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Colonial K'iche' in Comparison with Yucatec Maya: Language, Adaptation, and Intercultural Contact

  • Author(s): Jones, Owen H.
  • Advisor(s): Patch, Robert W.
  • et al.
Abstract

In "Colonial K'iche' in Comparison with Yucatec Maya: Language, Adaptation, and Interethnic Contact," I examine K'iche' and Yucatec Maya language and literacy and its relationship to the development of indigenous social, religious, and political structures in the period from the 1540's, when indigenous literacy using Latin letters began, to 1825, the end of Spanish colonialism. It focuses on how native peoples in Guatemala and southern Mexico were able to adapt Spanish imposed institutions according to ideologies of community structure from their common Mesoamerican culture. It reveals Spanish colonialism from an indigenous perspective and highlights the adaptive conservatism of native societies in Mesoamerica.

K'iche' government provided protection from exploitation - the family protected its interests with the aide of chinamitales who protected them as their vassals from the indigenous governor and municipal council who protected the tinamit amaq' from colonial officials. The K'iche' people were the creators of the Popol Vuh, "The Book of the Mat," the mat being a symbol of marriage and the adjective "popol" a metaphor for an elite lineage. The family and its extended lineages were the basis for K'iche' and Yucatec Maya social structure.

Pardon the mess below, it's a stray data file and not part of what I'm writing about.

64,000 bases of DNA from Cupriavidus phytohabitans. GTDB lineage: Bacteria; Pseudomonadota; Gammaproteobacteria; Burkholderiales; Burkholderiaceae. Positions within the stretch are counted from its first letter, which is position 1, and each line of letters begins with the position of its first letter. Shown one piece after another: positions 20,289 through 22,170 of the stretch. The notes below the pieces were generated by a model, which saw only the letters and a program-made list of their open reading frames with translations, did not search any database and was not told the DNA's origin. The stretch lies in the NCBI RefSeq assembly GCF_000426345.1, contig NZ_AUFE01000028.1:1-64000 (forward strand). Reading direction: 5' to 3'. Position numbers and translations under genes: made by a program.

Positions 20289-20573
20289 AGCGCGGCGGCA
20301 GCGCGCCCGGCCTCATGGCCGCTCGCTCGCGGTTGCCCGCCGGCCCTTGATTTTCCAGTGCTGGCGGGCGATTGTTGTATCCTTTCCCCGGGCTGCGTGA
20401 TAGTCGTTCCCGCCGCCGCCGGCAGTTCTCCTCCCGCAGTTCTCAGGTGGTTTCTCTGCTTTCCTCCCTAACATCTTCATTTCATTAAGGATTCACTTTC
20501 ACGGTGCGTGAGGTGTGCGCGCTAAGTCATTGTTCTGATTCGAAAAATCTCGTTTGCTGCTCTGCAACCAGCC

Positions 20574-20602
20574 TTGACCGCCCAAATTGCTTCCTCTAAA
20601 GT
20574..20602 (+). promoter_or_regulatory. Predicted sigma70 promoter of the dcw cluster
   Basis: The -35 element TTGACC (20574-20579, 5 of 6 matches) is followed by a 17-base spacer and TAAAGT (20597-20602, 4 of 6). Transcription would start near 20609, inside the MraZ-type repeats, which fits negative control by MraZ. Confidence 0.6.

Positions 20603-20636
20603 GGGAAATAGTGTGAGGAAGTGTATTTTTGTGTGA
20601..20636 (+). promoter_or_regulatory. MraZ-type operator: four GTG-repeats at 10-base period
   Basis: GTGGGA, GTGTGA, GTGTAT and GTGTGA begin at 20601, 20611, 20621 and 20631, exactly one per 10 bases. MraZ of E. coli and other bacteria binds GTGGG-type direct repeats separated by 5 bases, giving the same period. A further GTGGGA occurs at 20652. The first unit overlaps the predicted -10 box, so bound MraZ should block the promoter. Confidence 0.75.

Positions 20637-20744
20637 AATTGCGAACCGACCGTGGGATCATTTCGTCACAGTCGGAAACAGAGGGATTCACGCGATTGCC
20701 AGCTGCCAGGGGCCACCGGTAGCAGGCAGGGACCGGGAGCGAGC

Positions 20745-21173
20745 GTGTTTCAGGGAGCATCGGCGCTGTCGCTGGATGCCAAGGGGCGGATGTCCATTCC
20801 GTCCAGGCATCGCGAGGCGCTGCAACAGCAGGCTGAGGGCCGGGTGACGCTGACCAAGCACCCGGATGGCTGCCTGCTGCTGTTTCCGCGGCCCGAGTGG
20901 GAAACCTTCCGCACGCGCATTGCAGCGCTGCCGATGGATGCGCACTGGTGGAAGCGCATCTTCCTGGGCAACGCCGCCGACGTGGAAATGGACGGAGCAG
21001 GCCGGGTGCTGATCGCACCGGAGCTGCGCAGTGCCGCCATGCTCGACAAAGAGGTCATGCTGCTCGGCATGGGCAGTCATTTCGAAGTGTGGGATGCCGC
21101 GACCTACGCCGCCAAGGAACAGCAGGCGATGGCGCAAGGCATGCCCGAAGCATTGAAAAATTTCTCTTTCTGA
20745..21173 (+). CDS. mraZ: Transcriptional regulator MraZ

Even though Spanish colonialism aggressively attempted to impose the Spaniards' preclusive religion the K'iche' adapted and grafted in Christianity to their inclusive religion. Male town council members, indigenous lay religious leaders, and moiety leaders received a title, the q'a chuch q'ahaw, "our mothers, our fathers," which identified them as diviners and made them mediators between their communities and the outside world as well as mediators between their living charges and the community's ancestors.

K'iche' ideologies of land conjoined the concepts of their community's sacred space with the practical life-giving sustenance of the cornfield. Elites protected the right to work it and allowed commoners usufruct rights and familial possession. Community leaders made ritual processions to measure lands and marked off terrain with border markers, calling them by the name of individuals, families, saints, or chinamitales. It identifies the adaptation of colonial K'iche' and Yucatec Mayan languages to Spanish and Nahuat. The K'iche' language in colonial texts is somewhere between "Modern" and "Classical" K'iche'.

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